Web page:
May 1st, 2014 · 2 Comments · Posted in farming
Twenty-four hours old and the baby ewe we’re calling Grace is bouncing around her pen while mom Hannah keeps tabs with a look of concern on her face. We check the pair frequently to make sure Grace is nursing. She is. She jabs for the teat and, finding it, sucks contentedly, her little tail whipping sideways back and forth with joy.
We’ve used temporary fencing to set up a kind of maternity ward in our permanent paddock. Grace and Hannah for the moment are confined to a pen–called a “jug” in the sheep world–while another pregnant ewe–Charlotte has the run of the rest of the ward.
The rest of the animals, meanwhile–the Jersey heifer, the boy goat, the other four sheep–share the paddock and half the walk-in shelter. But they’re going out to graze on pasture every day, returning only in the evening. Soon we’ll be letting Grace and Hannah out of the jug. But I’m still pondering how we integrate the little lamb and her mom back into the pasture rotation.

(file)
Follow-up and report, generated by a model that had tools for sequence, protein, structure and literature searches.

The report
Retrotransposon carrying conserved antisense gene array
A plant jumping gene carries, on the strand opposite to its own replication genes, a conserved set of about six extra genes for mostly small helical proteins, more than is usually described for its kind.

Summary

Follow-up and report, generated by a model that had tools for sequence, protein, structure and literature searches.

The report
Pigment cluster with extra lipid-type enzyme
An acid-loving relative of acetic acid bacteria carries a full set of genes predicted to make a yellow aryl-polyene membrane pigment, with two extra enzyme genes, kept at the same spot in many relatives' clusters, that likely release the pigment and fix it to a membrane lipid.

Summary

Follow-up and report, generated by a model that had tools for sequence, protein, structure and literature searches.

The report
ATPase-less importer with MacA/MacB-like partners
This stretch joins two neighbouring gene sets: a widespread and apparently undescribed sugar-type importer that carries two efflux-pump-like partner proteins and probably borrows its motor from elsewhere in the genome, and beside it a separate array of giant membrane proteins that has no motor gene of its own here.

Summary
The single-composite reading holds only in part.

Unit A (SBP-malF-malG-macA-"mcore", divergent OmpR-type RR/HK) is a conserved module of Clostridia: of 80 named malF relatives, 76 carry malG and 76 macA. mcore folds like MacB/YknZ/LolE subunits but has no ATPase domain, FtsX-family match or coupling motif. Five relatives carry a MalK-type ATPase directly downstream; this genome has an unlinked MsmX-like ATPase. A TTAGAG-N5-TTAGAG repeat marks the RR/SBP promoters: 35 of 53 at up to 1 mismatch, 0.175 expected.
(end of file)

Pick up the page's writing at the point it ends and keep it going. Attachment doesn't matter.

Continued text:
Some graziers allow their ewes to give birth and raise their lambs on pasture. None of this confinement business. But having suffered a nasty attack on our chickens recently, we’re afraid to to leave any lambs on pasture overnight, even behind electric fencing. We know there are fox and coyote in the woods, and this time of year they’ll be having young of their own to feed.
This will require some further thought.